Ricardo helps prepare new Maglev line to serve the city of Beijing
It can be revealed that Ricardo expertise is playing a key role in the final preparations for Beijing’s new maglev line. The S1 line will be first in the Chinese capital to operate with magnetic levitation, serving a 10km route through the western districts of Shijingshan and Mentougou.
Appointed earlier this year as the Independent Safety Assessor of the line’s signalling technology, Ricardo’s Beijing team has been closely involved throughout the final stages of the project, making every effort to assure the new line’s safety through a series of assessments and on-site audits. Under particular scrutiny has been the design, installation, testing and documentation of the system critical safety components such as the automatic train supervision and protection, automatic train operation, and the computer interlocking subsystem.
The unique characteristics of maglev technology – for example, the special track and switch layout, as well as axle counter configurations – requires specialist consideration. As such, the Ricardo team has hosted workshops with stakeholders to apply a risk-based approach, ensuring potential challenges are identified and resolved as the project moves towards completion.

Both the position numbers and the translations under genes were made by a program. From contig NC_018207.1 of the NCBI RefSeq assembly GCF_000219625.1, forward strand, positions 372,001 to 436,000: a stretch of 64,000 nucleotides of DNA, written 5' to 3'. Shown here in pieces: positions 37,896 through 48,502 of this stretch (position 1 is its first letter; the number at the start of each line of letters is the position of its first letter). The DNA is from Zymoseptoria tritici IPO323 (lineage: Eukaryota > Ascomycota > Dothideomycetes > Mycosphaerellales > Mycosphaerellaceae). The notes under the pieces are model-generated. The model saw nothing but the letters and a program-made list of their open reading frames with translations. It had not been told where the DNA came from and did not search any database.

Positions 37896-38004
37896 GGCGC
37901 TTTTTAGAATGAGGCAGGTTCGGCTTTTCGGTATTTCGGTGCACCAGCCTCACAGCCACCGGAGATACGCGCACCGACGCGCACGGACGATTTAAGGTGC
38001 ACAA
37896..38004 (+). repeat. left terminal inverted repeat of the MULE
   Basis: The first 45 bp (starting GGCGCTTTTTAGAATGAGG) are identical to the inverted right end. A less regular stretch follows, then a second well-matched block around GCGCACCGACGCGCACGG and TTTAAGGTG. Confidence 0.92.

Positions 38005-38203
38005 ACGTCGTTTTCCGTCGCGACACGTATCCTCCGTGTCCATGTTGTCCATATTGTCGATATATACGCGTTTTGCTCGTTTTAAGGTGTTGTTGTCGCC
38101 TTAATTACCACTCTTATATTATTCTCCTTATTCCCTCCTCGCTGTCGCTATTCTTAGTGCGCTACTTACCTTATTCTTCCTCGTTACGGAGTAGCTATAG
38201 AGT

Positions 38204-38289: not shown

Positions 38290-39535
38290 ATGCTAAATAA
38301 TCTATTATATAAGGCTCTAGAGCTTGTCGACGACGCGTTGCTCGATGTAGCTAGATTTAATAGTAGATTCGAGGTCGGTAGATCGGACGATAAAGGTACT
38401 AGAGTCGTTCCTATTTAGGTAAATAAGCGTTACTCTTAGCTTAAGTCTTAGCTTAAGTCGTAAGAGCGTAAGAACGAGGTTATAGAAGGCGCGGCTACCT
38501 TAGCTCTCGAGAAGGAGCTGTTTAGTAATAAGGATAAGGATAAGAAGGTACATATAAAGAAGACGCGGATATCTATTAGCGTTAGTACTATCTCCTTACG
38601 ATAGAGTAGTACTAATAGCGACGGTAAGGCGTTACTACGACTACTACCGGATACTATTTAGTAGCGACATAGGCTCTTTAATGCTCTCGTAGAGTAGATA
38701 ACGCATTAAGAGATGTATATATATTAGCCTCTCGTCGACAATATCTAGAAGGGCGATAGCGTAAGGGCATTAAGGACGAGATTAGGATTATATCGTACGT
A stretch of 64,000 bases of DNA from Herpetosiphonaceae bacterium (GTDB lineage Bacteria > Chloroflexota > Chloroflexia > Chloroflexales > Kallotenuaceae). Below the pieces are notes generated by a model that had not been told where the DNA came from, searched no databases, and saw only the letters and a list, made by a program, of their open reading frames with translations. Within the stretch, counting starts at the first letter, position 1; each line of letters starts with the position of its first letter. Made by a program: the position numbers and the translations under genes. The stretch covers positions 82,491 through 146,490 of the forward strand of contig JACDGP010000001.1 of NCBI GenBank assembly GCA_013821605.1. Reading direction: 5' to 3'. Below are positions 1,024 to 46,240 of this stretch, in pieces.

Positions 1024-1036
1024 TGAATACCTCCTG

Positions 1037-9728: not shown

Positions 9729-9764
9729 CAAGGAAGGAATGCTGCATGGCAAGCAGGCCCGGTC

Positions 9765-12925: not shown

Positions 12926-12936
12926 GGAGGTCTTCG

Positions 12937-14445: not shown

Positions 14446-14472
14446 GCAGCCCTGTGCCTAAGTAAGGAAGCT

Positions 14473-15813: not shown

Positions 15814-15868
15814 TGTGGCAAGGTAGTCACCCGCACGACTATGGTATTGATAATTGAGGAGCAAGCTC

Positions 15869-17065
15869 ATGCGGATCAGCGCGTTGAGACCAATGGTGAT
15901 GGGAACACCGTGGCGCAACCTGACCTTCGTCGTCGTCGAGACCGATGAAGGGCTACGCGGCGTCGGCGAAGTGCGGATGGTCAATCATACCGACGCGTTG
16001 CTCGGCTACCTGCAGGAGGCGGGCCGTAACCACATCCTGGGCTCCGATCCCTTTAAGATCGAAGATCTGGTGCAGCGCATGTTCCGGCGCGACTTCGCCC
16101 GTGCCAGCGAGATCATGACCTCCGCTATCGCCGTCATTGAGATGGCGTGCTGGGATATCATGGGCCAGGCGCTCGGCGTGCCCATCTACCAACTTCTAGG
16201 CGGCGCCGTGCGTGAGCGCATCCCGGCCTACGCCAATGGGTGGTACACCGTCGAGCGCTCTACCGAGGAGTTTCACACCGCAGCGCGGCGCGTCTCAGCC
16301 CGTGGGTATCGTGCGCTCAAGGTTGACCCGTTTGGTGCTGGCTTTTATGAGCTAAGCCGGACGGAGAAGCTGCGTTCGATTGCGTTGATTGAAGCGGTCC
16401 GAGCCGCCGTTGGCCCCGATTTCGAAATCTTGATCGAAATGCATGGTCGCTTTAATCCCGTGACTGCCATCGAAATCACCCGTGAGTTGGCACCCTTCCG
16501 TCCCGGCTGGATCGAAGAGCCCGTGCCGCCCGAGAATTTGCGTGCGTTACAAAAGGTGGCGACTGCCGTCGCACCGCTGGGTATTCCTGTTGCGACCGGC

“It was fascinating to watch the team at work on this unique and exciting project,” commented Ricardo CEO Dave Shemmans during a recent visit to Beijing to observe some of the team’s on-site audits. “Projects like this show that maglev technology is becoming an increasingly viable option for major international cities like Beijing looking to reduce their reliance on car usage. Alongside conventional steel wheel/steel rail tram and metro systems, this is an area in which Ricardo is ideally placed to assist.”
Initial service trials of the S1 line commenced in the early autumn of 2017. Once launched, services will operate with an initial fleet of ten locally manufactured 6-car maglev trains, each with the capacity for around 1,000 passengers and capable of operating at speeds of up to 80 km/h.